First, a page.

Poker Coverage: Poker Tournaments Casino News Sports Betting Poker Strategy

Pennsylvania Governor Dodges Online Poker Question, But Hopes Still High For 2017

Gov. Wolf Says 'Real Work Being Done' On Issue


As Pennsylvania lawmakers work to iron out all the details for a gambling expansion package that would likely include online casino regulation, Pennsylvania’s governor is not looking to take a stance on the issue—at least not yet.

Keystone State Gov. Tom Wolf said during a Facebook Live question and answer segment that “real work is being done” on the internet gaming issue, but he didn’t give any real substance to his take on the state’s chances to bring gaming to the web.

“The deal is that whatever we do on this enhanced gaming, it should not take business away from our casinos or the lottery,” his said to the question from the Poker Players Alliance. “Otherwise why would we do it? Because we’re already getting revenues from that. It should be something that could be implemented cleanly, and the oversight we could do without being really that intrusive.”

Pennsylvania has 12 brick-and-mortar casinos, and nearly all are expected to venture into the online gaming space should the state let them do so.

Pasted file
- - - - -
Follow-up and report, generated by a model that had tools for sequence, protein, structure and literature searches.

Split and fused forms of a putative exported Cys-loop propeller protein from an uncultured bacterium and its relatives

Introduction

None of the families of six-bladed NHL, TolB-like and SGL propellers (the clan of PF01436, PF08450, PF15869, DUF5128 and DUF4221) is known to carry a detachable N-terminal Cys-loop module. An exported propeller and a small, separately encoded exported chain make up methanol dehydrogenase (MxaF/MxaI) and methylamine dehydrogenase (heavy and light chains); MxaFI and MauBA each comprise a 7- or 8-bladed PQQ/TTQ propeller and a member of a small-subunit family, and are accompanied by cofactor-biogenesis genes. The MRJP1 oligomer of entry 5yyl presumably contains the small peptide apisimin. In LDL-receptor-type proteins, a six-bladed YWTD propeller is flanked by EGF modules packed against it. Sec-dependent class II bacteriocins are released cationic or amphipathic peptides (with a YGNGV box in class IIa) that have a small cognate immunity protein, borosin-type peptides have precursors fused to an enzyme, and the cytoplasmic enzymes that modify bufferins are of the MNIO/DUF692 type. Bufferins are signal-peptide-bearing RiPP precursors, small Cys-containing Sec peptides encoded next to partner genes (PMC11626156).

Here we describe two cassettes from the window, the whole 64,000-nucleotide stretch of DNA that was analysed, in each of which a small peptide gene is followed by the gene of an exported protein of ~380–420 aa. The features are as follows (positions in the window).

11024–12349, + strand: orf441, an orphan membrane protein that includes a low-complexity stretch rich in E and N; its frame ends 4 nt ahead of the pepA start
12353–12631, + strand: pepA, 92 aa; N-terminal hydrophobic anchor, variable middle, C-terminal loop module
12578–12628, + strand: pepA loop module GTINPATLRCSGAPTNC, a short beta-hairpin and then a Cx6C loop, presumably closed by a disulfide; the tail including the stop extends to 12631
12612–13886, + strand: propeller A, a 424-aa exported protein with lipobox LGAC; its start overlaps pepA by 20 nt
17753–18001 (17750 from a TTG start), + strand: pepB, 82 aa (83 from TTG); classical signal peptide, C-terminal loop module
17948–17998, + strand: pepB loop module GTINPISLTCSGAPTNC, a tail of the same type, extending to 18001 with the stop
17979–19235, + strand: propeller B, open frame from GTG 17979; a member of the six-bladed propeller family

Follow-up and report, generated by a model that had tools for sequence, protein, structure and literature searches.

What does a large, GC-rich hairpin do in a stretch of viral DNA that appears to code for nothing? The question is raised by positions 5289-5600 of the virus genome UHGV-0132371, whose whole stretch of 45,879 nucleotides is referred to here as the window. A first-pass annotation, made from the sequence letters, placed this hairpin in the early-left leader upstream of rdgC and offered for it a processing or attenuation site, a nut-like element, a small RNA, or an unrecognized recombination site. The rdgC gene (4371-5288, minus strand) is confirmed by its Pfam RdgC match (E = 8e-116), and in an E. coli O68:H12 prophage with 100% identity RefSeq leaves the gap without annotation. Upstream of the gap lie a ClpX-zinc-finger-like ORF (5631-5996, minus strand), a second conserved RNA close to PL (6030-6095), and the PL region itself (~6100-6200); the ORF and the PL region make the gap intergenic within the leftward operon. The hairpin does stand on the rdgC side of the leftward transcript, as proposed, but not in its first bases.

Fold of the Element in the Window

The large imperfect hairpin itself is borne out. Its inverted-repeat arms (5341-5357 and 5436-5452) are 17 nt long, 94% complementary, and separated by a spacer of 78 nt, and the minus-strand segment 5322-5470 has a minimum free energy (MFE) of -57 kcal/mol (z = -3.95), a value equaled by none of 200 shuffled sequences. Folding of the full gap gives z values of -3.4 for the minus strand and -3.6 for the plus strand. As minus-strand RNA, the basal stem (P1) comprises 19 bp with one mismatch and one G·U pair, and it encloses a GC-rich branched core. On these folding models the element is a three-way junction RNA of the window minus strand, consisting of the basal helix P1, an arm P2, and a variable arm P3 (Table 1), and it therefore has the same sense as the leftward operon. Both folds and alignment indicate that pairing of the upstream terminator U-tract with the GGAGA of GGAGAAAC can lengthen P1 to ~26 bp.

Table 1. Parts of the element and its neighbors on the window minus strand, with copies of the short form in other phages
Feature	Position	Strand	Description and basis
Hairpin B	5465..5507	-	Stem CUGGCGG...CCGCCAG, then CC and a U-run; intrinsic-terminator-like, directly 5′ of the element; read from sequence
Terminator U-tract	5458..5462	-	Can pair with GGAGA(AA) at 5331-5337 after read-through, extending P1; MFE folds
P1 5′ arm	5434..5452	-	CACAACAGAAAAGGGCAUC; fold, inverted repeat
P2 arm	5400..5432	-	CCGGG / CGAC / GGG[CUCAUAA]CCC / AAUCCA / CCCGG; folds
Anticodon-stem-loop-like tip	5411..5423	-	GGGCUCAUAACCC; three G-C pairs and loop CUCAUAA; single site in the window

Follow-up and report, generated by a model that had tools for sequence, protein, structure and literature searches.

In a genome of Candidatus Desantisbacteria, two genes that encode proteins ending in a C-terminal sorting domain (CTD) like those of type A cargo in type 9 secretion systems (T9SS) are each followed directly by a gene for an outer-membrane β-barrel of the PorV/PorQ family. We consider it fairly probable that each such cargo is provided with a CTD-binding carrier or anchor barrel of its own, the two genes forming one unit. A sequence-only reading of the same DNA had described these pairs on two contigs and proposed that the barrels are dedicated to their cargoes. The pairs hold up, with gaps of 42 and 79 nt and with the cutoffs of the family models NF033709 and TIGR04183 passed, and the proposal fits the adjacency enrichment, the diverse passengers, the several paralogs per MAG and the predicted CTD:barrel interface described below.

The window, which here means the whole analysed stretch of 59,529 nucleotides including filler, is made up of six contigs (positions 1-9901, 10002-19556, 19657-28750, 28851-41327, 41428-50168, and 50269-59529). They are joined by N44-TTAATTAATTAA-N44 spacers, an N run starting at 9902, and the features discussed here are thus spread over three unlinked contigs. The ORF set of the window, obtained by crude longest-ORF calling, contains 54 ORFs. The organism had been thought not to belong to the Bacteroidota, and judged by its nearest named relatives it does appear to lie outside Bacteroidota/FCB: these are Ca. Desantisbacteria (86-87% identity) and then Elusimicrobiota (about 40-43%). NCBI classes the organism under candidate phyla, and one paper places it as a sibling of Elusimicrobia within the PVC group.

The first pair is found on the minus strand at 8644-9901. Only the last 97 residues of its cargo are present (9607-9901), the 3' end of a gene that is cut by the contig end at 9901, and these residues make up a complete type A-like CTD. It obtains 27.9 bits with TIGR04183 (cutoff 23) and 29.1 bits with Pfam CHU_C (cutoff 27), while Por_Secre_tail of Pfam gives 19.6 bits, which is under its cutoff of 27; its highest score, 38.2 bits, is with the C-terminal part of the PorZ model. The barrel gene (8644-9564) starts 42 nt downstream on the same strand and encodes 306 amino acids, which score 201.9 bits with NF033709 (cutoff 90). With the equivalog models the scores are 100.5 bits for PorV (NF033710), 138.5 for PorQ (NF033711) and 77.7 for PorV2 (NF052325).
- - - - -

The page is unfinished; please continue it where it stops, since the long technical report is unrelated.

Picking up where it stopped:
“There are a lot of details that have to go into this,” Wolf added. “I know other states have done online poker and have done it successfully. We need to keep learning what we can from those states.”

If Pennsylvania only “keeps learning” about online poker in 2017 it would be a big disappointment to the poker community. The state has flirted with online poker for the past few years.

A budget proposal put forth by Wolf calls for $250 million from gambling expansion. Online casinos would generate $10 million for the state per licensee, in addition to tax revenue. Proposed rates have ranged from 15-25 percent. The market at maturation is estimated at $300 million.

Other possible ways to boost the state’s $3.2 billion gambling market include DFS regulation and allowing slot machines in more kinds of businesses in the state. Pennsylvania also wants to have sports books should the federal government end its near total ban on the industry.